Living With Contradictions
Last month, Kathy and I made our first (and I hope our last) visit to the Apple Store in Troy. Don’t misunderstand me: I love Apple products. At home we have two Apple laptop computers, two iPads, two iPods, an Apple TV web-streaming device, and one iPhone. We might qualify for Apple Consumers-of-the-Year. But the visit to the Apple Store disturbed me.
Part of what disturbed me was the sheer attractiveness of what they have on offer there. The walls are alive with beautiful, high resolution computer screens. Adults stand at tables playing with the computers, phones, and tablets. Children sit in comfortable chairs playing games displayed on kid-sized screens . In some ways, the Apple Store is a vision of the future: everyone isolated in their own space, connecting with devices rather than other people.
I know there’s another side to this argument: while they may seem to isolate us, these devices also help us communicate with other human beings. But the other thing that bothered me was the contradiction I observed between the glossy, hi-tech machinery on display and one of the conversations I heard as I wandered the store. Two people who were in the process of purchasing a large, expensive computer system were talking about how they were going to use this display as a way of promoting their belief in Creationism. I found it odd to hear people who deny the implications of science on the one hand but who want to live with its productions on the other. A Creationist with a iPad? The vision is a contradiction in terms.
This past month we’ve all heard a good deal about the Roman Catholic bishops’ desire not to have their institutions pay for health insurance that covers benefits (i.e. contraception) of which they disapprove. The same health insurance, of course, covers drugs like Viagra that may be taken by unmarried men. The bishops object to one benefit (for women) while allowing another (for men). Both practices would seem to violate strict Catholic teaching, yet the bishops reject one and accept the other. When they talk this way, they sound to me like those who reject science when it discusses evolution and climate change but accept it when it offers modern medicine and information technology.
Those of us who love the church should have some compassion with the contradictions with which contemporary Christian faith contends. Before we laugh too heartily at science-denying consumers of scientific devices, we should think about the contradictions implicit in our own tradition, especially the way we main line churches have made an institution out of the life and teachings of Jesus. We have taken a Gospel that is prophetic, compassionate and gracious and have embedded it in an institution that has managed, over time, to discriminate against everybody who is not white, heterosexual, and male. In trying to have it both ways, we Christians have embodied some profound and deadly contradictions ourselves.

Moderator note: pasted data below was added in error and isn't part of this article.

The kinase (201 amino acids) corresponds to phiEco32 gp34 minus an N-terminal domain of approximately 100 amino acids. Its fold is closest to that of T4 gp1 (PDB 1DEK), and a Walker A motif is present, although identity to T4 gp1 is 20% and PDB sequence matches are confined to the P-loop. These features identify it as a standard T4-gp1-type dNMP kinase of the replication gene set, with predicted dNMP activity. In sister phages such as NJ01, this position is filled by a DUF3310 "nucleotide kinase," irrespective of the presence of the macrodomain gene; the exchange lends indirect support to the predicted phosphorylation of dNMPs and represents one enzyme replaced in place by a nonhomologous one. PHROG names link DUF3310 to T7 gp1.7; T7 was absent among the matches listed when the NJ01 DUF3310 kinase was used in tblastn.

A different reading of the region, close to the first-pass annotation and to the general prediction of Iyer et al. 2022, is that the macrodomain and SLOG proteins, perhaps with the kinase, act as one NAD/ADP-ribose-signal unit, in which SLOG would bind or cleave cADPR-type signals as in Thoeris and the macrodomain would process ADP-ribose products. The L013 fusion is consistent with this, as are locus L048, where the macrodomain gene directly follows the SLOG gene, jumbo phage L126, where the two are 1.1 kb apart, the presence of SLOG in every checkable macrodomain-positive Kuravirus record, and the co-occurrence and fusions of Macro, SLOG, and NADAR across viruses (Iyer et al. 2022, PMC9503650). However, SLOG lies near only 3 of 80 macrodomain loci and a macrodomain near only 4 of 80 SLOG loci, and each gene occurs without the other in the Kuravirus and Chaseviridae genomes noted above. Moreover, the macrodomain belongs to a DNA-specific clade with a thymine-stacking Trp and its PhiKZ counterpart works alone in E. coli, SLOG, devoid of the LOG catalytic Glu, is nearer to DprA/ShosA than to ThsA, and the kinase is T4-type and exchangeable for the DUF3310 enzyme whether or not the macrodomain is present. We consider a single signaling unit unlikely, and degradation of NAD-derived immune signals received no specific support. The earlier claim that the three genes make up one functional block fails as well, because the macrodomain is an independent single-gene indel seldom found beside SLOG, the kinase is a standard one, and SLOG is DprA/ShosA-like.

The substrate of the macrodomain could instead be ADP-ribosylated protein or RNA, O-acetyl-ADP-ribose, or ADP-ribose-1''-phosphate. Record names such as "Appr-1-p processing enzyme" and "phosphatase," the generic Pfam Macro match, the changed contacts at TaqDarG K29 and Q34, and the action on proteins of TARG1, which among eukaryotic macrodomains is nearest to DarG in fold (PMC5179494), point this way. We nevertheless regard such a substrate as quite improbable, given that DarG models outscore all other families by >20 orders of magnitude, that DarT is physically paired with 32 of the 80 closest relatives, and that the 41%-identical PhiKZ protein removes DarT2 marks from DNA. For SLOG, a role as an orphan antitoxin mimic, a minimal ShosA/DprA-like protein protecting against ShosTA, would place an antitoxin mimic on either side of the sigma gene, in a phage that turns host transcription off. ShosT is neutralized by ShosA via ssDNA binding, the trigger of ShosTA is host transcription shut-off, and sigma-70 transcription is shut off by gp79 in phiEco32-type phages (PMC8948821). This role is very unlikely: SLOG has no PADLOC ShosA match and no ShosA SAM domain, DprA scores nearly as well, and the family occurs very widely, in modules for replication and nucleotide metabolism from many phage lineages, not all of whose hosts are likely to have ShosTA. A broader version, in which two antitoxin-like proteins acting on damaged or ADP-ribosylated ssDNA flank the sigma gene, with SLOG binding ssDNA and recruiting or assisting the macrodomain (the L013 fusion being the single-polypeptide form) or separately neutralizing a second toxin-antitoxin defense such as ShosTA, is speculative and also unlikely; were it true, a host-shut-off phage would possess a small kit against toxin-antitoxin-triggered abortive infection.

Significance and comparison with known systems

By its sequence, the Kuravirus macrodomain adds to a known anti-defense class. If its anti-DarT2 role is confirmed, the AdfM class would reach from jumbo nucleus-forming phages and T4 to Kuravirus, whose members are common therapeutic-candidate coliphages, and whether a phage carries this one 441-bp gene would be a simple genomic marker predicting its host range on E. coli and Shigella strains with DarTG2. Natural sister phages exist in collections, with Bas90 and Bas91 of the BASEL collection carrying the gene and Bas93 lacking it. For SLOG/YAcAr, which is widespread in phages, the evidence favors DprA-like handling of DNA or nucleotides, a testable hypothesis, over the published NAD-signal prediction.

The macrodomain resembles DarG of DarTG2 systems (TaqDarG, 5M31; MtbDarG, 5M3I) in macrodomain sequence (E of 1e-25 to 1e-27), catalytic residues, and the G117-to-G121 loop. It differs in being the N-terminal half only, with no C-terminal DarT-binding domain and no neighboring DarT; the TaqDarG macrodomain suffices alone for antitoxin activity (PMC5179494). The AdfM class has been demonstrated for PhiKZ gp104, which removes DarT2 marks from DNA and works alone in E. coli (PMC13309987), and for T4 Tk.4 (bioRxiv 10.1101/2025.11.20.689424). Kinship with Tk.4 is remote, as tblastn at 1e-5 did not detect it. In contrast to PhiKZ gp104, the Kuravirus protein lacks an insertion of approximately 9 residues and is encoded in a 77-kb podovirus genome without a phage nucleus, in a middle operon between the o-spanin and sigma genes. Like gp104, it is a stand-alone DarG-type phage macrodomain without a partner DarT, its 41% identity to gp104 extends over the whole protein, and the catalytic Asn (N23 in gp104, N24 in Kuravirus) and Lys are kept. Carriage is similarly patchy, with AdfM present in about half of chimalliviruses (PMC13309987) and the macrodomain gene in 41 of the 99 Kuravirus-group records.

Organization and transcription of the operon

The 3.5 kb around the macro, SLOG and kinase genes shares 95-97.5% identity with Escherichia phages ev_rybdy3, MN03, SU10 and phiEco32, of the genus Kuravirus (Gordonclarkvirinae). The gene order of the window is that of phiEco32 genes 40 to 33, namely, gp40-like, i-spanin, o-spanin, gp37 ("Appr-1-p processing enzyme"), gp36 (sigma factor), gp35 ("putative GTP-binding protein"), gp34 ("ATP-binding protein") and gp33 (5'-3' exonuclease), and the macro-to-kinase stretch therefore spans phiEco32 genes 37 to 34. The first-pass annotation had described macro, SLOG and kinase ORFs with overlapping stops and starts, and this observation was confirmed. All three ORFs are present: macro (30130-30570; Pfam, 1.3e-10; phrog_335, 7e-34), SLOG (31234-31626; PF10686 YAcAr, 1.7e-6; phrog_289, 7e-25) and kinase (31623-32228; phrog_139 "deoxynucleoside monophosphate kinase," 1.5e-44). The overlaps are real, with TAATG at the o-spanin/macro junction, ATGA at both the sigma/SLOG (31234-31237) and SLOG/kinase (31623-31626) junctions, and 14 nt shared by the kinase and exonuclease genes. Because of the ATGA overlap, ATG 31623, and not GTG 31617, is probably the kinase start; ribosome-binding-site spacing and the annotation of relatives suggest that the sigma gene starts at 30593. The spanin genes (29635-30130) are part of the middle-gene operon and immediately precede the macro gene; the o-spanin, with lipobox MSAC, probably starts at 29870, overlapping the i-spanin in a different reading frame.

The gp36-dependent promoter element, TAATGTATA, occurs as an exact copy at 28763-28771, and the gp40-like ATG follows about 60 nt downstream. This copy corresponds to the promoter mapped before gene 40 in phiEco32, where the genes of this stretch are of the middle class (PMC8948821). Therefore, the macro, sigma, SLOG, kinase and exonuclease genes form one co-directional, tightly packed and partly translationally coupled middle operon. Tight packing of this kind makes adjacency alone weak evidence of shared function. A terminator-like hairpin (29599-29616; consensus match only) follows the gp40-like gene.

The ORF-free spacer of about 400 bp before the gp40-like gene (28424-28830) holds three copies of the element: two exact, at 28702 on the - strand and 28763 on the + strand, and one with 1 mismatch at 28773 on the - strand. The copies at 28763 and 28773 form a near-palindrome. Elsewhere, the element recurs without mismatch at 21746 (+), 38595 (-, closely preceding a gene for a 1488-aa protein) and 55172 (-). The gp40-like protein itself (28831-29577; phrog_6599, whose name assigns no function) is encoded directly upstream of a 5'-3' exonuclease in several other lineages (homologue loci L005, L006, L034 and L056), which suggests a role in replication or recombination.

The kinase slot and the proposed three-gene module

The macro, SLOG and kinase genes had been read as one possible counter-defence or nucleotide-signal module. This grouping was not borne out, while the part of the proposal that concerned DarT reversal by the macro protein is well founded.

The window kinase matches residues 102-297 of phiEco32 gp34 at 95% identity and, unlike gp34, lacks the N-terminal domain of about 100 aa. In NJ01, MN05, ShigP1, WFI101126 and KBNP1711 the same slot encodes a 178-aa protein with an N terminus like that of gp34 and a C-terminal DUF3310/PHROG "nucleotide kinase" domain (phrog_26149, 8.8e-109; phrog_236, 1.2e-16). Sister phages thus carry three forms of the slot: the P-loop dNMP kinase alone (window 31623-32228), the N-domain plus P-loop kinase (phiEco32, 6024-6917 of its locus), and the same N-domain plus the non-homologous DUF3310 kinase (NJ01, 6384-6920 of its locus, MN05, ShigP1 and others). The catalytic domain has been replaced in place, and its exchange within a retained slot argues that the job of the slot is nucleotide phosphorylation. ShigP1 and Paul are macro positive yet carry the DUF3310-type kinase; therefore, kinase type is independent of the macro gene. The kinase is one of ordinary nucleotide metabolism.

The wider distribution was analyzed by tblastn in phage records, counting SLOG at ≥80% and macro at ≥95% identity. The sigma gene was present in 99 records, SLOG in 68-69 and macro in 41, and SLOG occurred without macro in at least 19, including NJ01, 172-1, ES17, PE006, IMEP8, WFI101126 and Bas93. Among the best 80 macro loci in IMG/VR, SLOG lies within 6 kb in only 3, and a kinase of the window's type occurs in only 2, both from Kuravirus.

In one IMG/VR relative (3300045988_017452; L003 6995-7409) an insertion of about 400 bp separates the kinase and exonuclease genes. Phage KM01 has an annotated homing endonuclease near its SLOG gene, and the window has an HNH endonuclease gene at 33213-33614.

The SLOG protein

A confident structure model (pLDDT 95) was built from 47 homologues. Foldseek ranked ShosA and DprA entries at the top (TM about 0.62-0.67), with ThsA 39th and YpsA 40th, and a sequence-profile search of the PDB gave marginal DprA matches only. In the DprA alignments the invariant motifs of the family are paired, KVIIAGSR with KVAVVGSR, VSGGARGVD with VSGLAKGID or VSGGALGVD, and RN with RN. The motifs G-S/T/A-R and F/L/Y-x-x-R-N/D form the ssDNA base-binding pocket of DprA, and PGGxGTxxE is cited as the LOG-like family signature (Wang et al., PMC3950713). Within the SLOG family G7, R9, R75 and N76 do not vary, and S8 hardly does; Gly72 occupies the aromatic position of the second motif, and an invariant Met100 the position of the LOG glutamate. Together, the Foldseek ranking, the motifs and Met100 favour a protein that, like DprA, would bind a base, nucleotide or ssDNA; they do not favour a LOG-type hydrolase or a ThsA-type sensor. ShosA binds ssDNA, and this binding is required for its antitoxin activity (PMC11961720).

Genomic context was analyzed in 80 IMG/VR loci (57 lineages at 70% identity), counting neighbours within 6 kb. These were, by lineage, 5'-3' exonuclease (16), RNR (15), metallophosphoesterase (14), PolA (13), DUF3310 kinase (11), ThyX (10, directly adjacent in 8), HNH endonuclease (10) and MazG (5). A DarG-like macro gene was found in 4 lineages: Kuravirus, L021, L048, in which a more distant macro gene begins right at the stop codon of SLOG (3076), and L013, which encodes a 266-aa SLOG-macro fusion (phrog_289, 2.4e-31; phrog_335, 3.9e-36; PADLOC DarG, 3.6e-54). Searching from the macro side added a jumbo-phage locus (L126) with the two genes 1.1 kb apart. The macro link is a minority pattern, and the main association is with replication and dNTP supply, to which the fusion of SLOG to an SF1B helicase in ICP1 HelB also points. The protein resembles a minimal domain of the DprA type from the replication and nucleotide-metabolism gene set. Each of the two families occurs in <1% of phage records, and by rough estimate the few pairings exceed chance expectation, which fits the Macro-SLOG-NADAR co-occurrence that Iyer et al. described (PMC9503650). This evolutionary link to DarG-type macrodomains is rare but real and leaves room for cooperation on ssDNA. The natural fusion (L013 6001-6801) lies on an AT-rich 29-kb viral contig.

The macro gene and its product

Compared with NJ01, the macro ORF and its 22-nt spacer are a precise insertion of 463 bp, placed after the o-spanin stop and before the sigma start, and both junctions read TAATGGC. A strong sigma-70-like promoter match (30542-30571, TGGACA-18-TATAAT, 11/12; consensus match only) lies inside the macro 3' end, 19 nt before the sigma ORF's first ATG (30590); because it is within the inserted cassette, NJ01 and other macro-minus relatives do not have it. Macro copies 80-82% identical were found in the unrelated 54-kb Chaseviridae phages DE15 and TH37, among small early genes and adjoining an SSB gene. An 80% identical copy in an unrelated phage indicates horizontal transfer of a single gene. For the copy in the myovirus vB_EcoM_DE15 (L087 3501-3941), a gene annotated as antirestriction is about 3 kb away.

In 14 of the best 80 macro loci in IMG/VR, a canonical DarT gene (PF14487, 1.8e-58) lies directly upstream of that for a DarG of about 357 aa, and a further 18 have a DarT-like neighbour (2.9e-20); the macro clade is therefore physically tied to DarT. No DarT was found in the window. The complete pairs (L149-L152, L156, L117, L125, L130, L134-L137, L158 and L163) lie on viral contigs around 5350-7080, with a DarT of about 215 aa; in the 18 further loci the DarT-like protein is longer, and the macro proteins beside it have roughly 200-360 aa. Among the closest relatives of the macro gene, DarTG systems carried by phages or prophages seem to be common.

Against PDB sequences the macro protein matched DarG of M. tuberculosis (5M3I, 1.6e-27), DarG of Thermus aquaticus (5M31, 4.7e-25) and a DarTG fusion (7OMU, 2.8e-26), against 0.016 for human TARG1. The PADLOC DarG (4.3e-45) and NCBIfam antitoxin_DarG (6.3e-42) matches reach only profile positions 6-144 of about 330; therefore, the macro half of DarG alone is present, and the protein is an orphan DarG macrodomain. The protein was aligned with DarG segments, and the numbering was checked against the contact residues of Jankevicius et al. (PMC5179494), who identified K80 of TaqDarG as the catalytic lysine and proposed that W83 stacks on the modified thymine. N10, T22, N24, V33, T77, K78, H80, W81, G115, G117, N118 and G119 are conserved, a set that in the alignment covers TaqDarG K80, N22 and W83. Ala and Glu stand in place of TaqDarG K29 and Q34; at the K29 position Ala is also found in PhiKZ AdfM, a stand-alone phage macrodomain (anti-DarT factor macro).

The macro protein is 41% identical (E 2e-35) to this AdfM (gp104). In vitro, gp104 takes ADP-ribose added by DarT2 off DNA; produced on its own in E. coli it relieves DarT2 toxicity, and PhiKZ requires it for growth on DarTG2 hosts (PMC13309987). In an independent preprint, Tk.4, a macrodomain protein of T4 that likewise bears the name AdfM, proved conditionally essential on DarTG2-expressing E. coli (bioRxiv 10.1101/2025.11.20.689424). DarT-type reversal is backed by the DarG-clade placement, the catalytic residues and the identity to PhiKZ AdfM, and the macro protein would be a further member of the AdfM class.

This past week I’ve been following the publication, in England, of Richard Holloway’s autobiographical memoir, Leaving Alexandria. Holloway is the former Anglican Bishop of Edinburgh. He resigned in 2000 largely because he became disillusioned and disgusted with the church after the disastrous Lambeth Conference of 1998, a moment when an international gathering of Anglican bishops condemned both the ordination of women as bishops and all expressions of homosexuality. The Lambeth Conference has no standing in Anglican polity; it is an advisory, ad hoc gathering. Nevertheless, the spectacle of Anglicanism’s bishops attacking both women and gays was too much for many, especially in first world churches. In the words of one reviewer Holloway left the church’s ministry because to him institutional Christianity stands at the center of an “intolerable tension”:
What he loves about the [Christian] narrative is its central figure, who possesses endless pity for human beings and is endlessly subversive, in preferring compassion to rules. What he came to hate about the church is its insistence on rules, which turns it to cruelty, not pity. The attitude of the church towards women and homosexuals, which Holloway in the end could stand no more, illustrates the way the supposed rules drive out love. [Mary Warnock, “Leaving Alexandria by Richard Holloway, Review”, The Observer, 2/18/12]
I think Richard Holloway is saying something that you and I as Christians need to hear. In a world characterized by intolerable tensions, we need acknowledge our own contradictions, repent them, let them go, and learn to embrace Jesus’s call always to value compassion over rules. Whenever we try to impose our own identity and morality on others and call ourselves Christians while we do it, we are living out Holloway’s “intolerable tension”, becoming unwitting embodiments of a contradiction in terms.
A Christian with an inflexible rule book is like a Creationist with an iPad. As we walk together through Lent toward Easter, may our shared immersion in the compassionate teaching and healing of Jesus free us both into noticing our own impossible tensions and also becoming people who consistently and faithfully do our best to stand with God against those forces that diminish and oppress God’s creatures.